The discussions that i have heard goes like so:
/usr: "user". , eg. /usr/bin is for general user binaries, /usr/doc and /usr/share/doc
Actually, /usr stands for Unix System Resources.
/usr usually contains by far the largest share of data on a system. Hence, this is one of the most important directories in the system as it contains all the user binaries, their documentation, libraries, header files, etc.... X and its supporting libraries can be found here. User programs like telnet, ftp, etc.... are also placed here. In the original Unix , /usr was where the home directories of the users were placed (that is to say, /usr/someone was then the directory now known as /home/someone). In current Unices, /usr is where user-land programs and data (as opposed to 'system land' programs and data) are. The name hasn't changed, but it's meaning has narrowed and lengthened from "everything user related" to "user usable programs and data". As such, some people may now refer to this directory as meaning 'User System Resources' and not 'user' as was originally intended.
usr stands for "user-specific resources" and it fits quite nicly i think. it might be other abbreviations that is used with "usr" though, but i wouldnt know about them other then the ones ive read in this thread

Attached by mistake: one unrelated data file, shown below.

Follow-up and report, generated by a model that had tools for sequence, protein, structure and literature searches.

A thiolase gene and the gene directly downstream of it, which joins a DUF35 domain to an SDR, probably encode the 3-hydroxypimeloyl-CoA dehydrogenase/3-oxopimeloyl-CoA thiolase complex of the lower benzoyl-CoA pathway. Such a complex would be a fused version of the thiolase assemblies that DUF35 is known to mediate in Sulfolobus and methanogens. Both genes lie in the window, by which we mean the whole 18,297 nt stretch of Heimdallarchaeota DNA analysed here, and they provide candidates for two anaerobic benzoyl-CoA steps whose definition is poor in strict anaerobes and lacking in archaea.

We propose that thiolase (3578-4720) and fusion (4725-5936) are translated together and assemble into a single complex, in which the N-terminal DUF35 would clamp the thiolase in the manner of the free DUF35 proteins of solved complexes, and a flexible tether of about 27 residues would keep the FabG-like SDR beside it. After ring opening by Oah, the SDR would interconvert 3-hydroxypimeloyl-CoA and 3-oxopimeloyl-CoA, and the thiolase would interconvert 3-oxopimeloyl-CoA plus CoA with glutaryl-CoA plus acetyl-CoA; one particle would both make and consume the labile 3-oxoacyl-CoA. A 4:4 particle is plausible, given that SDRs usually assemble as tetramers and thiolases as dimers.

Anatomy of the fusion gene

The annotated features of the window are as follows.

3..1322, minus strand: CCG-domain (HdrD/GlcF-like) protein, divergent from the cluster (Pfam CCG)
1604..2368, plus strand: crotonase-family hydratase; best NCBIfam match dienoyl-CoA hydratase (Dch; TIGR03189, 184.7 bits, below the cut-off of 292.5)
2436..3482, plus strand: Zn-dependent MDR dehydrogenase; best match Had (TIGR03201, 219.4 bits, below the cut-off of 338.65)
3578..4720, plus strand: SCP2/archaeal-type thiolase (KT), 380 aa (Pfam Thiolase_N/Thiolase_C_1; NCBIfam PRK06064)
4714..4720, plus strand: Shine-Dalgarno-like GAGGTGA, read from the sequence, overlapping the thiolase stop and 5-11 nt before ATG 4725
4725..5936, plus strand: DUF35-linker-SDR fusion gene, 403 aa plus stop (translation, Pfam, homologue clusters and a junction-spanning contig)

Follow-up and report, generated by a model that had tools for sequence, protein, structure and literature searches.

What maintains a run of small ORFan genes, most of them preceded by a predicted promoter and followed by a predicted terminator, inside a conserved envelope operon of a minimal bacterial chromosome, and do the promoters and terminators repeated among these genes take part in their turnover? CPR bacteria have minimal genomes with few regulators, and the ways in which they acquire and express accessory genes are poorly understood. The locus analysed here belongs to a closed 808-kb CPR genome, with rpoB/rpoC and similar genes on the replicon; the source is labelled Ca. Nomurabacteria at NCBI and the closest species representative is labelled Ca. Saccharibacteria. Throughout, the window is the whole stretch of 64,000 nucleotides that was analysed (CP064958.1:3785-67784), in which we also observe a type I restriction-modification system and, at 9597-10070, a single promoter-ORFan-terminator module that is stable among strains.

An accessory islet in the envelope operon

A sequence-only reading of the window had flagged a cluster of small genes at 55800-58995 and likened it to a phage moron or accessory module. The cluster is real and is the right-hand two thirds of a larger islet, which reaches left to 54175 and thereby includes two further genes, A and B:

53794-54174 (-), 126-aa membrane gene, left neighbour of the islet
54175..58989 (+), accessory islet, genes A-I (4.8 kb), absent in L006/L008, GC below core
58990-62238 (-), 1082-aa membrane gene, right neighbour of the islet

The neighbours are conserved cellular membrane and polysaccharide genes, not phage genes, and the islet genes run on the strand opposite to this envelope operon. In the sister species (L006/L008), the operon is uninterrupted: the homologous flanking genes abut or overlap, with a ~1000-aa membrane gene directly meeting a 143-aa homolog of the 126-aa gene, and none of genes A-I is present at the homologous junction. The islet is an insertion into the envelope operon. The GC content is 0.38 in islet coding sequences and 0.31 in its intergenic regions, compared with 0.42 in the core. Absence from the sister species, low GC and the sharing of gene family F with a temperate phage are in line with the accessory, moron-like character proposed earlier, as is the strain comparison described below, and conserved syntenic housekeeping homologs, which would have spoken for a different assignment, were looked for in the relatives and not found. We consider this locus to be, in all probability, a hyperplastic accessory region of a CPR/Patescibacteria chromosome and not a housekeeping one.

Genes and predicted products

According to linux-training.be/files/books//fun/ch09s08.html, it stands for Unix System Resources.
/usr- The secondary hierarchy which contain its own bin and sbin sub-directories.
/etc'/etc' is indeed an acronym and stands for "Editable Text Configuration".
Yes, etc stands for "etcetera" It's purpose in life is to host various from around your system.
Probably not the official meaning, but I have seen etc referred to as "editable text configuration".
it means the simple 'etcetera'
it means 'extended tool chest' per this gnome mailing list entry or per this Norwegian article.
"editable text configurations" is a stupid name too, because if it's text, it's evidently editable. So why not just "text configurations" then? Also, in early Unix, everything was editable (remember, in Unix, everything is a file), so that's superfluous too. And, lastly, it was the repository for a lot of things that weren't configurations, including binaries.
So whats your take on these!